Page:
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EPSOM.

A STRAGGLING street, an undue proportion of
inns, a large pond, a pump, and a magnificent
brick clock case, make upwith a few more
touches not necessary to be given herethe
picture of the metropolis of English racing
and the fountain of Epsom salts. For three
hundred and sixty-four days in the year a
cannon-ball might be fired from one end
of Epsom to the other without endangering
human life. On the three hundred and sixty-fifth,
or Derby Day, a population surges and
rolls, and scrambles through the place, that
may be counted in millions.

Epsom during the races, and Epsom at any
other time, are things as unlike as the Desert
of Saharah and the interior of the Palace of
Glass in Hyde Park. We intend, for the
edification of the few who know Epsom race
only by name, and for the amusement (we hope)
of the many who have sported over its Downs
during the races, to give some account of
Epsom under both aspects.

Our graver readers need not be alarmed
we know little of horses ; and, happily, for
ourselves, nothing of sporting ; but, believing in
the dictum of the Natural History chapters of
the Universal Spelling Book that the "horse is
a noble animal," and that he is nowhere so
noble, so well bred, so handsome, so tractable,
so intelligent, so well cared for, and so well
appreciated, as in this country; and that, in
consequence of the national fondness for races his
breed has been improved until he has attained
his present excellencybelieving all this,
we think it quite possible to do him justice,
without defiling the subject with any allusion
to the knavery to which he, sometimes,
innocently gives rise. Those who practise it
are his vulgar parasites; for the owners of
race-horses number among them the highest
and most honourable names in the country.

Financially, the subject is not unworthy of
notice. Racers give employment to
thousands. According to Captain Rous, there
are upwards of two hundred thorough-bred
stallions, and one thousand one hundred
brood mares, which produce about eight
hundred and thirty foals annually: of these
there are generally three in the first class of
race-horses, seven in the second class; and
they descend gradually in the scale to the
amount of four hundred and eighty, one half
of which never catch the judge's eye ; the
remainder are either not trained, or are found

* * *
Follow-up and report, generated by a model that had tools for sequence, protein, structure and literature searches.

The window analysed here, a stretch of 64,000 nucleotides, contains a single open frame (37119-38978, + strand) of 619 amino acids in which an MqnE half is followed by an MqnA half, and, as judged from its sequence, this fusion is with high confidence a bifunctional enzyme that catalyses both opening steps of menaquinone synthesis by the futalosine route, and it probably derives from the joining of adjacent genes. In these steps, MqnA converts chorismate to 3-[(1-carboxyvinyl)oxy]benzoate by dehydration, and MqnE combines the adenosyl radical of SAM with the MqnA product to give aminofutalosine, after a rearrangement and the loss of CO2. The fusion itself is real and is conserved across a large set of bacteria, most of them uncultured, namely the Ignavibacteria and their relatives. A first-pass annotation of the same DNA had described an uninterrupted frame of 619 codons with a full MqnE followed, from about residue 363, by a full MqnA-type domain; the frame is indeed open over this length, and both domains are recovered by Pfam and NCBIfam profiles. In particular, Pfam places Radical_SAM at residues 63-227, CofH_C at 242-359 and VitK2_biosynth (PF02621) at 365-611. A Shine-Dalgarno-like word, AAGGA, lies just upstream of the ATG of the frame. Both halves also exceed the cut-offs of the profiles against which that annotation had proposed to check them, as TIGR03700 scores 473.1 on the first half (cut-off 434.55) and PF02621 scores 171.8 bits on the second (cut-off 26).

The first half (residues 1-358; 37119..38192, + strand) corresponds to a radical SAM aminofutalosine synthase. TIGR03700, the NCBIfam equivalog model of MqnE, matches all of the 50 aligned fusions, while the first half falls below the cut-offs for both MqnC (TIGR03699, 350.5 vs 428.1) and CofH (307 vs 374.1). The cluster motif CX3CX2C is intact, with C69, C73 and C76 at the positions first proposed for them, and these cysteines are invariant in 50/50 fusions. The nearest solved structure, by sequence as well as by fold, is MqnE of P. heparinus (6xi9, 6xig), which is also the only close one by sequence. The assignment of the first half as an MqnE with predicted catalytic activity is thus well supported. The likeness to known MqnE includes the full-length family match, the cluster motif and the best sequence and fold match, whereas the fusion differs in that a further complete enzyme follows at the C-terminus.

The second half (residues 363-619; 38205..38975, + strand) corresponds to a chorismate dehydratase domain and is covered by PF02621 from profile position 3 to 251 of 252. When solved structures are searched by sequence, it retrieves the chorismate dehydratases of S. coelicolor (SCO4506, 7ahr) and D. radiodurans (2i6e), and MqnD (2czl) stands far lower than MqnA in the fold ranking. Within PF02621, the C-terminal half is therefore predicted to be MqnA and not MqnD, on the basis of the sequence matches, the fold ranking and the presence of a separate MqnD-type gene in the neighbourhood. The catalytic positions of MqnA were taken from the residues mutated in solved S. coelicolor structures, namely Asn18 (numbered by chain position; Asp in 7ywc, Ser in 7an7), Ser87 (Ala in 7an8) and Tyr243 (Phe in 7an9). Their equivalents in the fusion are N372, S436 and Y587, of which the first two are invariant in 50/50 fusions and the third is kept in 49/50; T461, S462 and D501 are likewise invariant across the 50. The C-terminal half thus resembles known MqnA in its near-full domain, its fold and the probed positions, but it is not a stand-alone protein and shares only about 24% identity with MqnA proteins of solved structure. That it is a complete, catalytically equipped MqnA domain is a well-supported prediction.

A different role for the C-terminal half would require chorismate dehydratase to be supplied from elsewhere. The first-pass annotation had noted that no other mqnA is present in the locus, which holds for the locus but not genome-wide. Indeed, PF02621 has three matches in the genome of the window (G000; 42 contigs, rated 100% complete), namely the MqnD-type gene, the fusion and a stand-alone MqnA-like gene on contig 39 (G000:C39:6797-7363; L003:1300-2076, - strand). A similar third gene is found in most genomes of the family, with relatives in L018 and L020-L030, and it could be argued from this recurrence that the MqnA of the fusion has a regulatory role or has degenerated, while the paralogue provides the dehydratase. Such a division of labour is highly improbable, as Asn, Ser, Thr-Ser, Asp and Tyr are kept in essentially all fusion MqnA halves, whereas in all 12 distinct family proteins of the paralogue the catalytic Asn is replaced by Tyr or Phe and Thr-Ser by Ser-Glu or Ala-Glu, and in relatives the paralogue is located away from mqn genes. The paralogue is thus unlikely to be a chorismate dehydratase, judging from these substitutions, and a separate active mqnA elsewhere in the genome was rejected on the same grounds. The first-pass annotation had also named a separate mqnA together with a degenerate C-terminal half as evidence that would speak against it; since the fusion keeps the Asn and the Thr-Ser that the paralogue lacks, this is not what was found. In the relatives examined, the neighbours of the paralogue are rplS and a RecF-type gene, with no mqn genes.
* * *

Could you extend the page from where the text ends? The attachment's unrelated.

unworthy at an early period.

The number of race-courses is one hundred
and eleven; of which three are in Ireland,
and six in Scotland.

It is Mondaythe Monday before the
Derby Day, and a railway takes us, in less
than an hour, from London Bridge to the
capital of the racing world, close to the abode
of its Great Man, who isneed we add!—  the
Clerk of the Epsom Course. It is, necessarily,
one of the best houses in the place; being
honour to literaturea flourishing bookseller's
shop. We are presented to the official. He
kindly conducts us to the Downs, to show
how the horses are temporarily stabled; to
initiate us into some of the mysteries of
the " field; " to reveal to us, in fact, the
private life of the race-horse.

We arrive at a neat farm-house, with more
outbuildings than are usually seen appended
to so modest a homestead. A sturdy,
well-dressed, well-mannered, purpose-like,
sensible-looking man, presents himself. He has a
Yorkshire accent. A few words pass between him
and the Clerk of the Course, in which we hear
the latter asseverate with much emphasis that
we are, in a sporting sense, quite artlesswe
rather think "green," was the exact expression
that we never bet a shilling, and are
quite incapable, if even willing, to take
advantage of any information, or of any inspection
vouchsafed to us. Mr. Filbert (the
trainer) hesitates no longer. He moves his
hat with honest politeness; bids us follow
him, and lays his finger on the latch of a
stable.

The trainer opens the door with one hand;
and, with a gentleman-like wave of the other,
would give us the precedence. We hesitate.
We would rather not go in first. We acknowledge
an enthusiastic admiration for the
racehorse; but at the very mention of a
racehorse, the stumpy animal whose portrait
leaded our earliest lesson of equine history,
in the before-quoted " Universal Spelling
Book," vanishes from our view, and the
animal described in the Book of Job prances
into our mind's eye: " The glory of his nostril
is terrible. He mocketh at fear and is not
affrighted. He swalloweth the ground with

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